• PTSD:
    Anxiety disorder caused by a traumatic incident is known as post-traumatic stress disorder (PTSD). It's totally natural for survivors to suffer unusual levels of stress, worry, anxiety, and nervousness. These feelings are severe in those with PTSD, and they can make you feel like you're always in danger, making it difficult to function in regular life. During the two weeks following a rape, 94 percent of women exhibit symptoms of post-traumatic stress disorder (PTSD).[3]
     
  • Eating Disorders:
    Sexual assault can have a variety of effects, including altering body views and feelings of control.
     
  • Sleep Disorders:
    Symptoms of sleep disorders include difficulty falling or staying asleep, sleeping at odd hours of the day, or sleeping for longer or shorter periods of time than usual.

Case laws
In Nimeshbhai Bharatbhai Desai vs. State of Gujarat, 2018 SCC OnLine Guj 732, the High Court of Gujarat termed Marital Rape as a ‘disgraceful offence’, and elaborately dealt with the issue of Marital Rape stating that:
making wife rape illegal or an offence will remove the destructive attitudes that promote the Marital Rape [4];
However, since the Indian legal system does not regard marital rape as a crime, the Court held that the husband is liable only for outraging her modesty and unnatural sex.

In Thought Independent vs. Union of India[5], (2017) 10 SCC 800, has criminalized sexual intercourse with a minor wife aged between 15 to 18 years, but has refrained from making any declaration regarding the Marital Rape of a woman who is above 18 years of age. Exception 2 to Section 375 of the Indian Penal Code as being violative of articles 14 and 21 and thereby being unconstitutional.

India is a signatory to international instruments, such as the Convention on the Rights of the Child (CRC) and the Convention on the Elimination of all forms of Discrimination against Women (CEDAW) the court opined that the marital rape exemption would effectively legitimize child marriages and contravene our international obligations. The exemption was also held to be inconsistent with Section 5(n) POCSO which criminalises penetrative sexual assault on a child by anyone related to the child through marriage; and clause sixthly of Section 375IPC which criminalises sexual activity with a girl below 18 years of age, with or without her consent.

Conclusion
The fight to criminalise marital rape in India, is not just changing the law on paper. It is about attacking the age-old mindset that still views a woman as her husband’s property and not as an individual with her own agency. It’s about fighting against this notion of marital sanctity that is based on the subjugation of women. And it is about challenging this larger rape culture, that denies women our basic rights, respect, and bodily autonomy.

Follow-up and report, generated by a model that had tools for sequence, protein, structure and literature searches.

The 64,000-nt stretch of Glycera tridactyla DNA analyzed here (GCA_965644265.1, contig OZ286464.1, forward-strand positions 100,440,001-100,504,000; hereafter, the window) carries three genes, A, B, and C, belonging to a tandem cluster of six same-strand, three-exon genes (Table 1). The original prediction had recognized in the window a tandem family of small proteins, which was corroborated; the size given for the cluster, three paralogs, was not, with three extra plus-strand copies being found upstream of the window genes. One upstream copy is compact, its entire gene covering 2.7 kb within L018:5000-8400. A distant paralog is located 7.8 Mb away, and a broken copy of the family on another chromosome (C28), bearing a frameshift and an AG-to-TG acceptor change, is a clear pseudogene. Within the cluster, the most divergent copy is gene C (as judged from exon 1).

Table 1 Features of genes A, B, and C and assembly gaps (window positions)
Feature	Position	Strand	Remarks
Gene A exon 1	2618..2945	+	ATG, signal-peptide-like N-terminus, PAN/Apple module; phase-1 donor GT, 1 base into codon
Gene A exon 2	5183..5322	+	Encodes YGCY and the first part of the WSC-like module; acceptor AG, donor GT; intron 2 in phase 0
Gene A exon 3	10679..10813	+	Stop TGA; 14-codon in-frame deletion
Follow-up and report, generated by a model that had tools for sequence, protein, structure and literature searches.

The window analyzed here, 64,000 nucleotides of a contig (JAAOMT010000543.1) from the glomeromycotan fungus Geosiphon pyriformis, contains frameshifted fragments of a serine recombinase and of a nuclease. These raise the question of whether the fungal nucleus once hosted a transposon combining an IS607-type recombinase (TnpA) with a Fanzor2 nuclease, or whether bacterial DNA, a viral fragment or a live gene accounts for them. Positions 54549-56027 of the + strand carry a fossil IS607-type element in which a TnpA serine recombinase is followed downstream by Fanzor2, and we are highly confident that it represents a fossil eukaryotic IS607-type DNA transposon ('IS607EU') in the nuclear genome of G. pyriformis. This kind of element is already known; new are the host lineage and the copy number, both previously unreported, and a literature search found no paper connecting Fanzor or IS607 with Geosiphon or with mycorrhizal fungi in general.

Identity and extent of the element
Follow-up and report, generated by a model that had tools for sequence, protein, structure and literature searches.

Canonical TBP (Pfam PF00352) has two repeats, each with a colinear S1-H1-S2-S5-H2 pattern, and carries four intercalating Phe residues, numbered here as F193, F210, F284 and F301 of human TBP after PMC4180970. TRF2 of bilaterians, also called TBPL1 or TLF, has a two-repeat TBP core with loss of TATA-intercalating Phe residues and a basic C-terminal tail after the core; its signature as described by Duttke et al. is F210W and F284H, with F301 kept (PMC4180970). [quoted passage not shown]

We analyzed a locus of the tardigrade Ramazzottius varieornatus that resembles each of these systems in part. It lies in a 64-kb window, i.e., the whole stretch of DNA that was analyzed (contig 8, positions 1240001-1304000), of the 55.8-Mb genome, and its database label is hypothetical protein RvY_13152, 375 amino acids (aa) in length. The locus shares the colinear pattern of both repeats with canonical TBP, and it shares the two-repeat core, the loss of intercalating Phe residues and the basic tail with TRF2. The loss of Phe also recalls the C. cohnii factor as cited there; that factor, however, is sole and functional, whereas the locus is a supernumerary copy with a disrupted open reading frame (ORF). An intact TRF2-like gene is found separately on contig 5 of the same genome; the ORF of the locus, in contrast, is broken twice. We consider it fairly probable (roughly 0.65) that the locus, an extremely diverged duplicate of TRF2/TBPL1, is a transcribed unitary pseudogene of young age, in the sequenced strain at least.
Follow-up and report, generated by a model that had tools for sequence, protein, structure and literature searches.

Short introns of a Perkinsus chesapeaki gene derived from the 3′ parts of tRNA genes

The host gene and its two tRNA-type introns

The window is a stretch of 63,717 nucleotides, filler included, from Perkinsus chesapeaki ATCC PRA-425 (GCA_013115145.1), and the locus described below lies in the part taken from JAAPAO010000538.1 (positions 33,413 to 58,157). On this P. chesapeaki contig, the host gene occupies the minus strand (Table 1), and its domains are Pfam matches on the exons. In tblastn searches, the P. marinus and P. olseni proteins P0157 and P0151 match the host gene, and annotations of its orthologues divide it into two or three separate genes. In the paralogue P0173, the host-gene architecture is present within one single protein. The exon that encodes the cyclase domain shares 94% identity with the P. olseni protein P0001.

Marriage is now regarded as a partnership in which both husband and wife share equal rights. The purpose of rape law can now be considered as one of protecting a woman's personal safety and freedom of choice than as one of protecting male interests in woman's integrity. Medical evidence has shown that rape has serious and long-term consequences for women. Such heinous sexual actions must be prohibited. The necessity to criminalise marital rape is urgent in order to restore trust and faith in the institution of marriage. Therefore, the exemption of husband from the law of rape could be given up now.

End-Notes:
  1. To Have and to Hold: The Marital Rape Exemption and the Fourteenth Amendment. (1986). The Harvard Law Review Association, 99(6), 1255–1273. https://doi.org/10.2307/1341253
  2. https://theswaddle.com/videos/video/why-is-marital-rape-legal-in-india/
  3. Victims of Sexual Violence: Statistics. (n.d.). RAINN (Rape, Abuse & Incest National Network). Retrieved May 27, 2021, from https://www.rainn.org/statistics/victims-sexual-violence
  4. Nimeshbhai Bharatbhai Desai vs. State of Gujarat, 2018 SCC OnLine Guj 732
  5. Thought Independent vs. Union of India, (2017) 10 SCC 800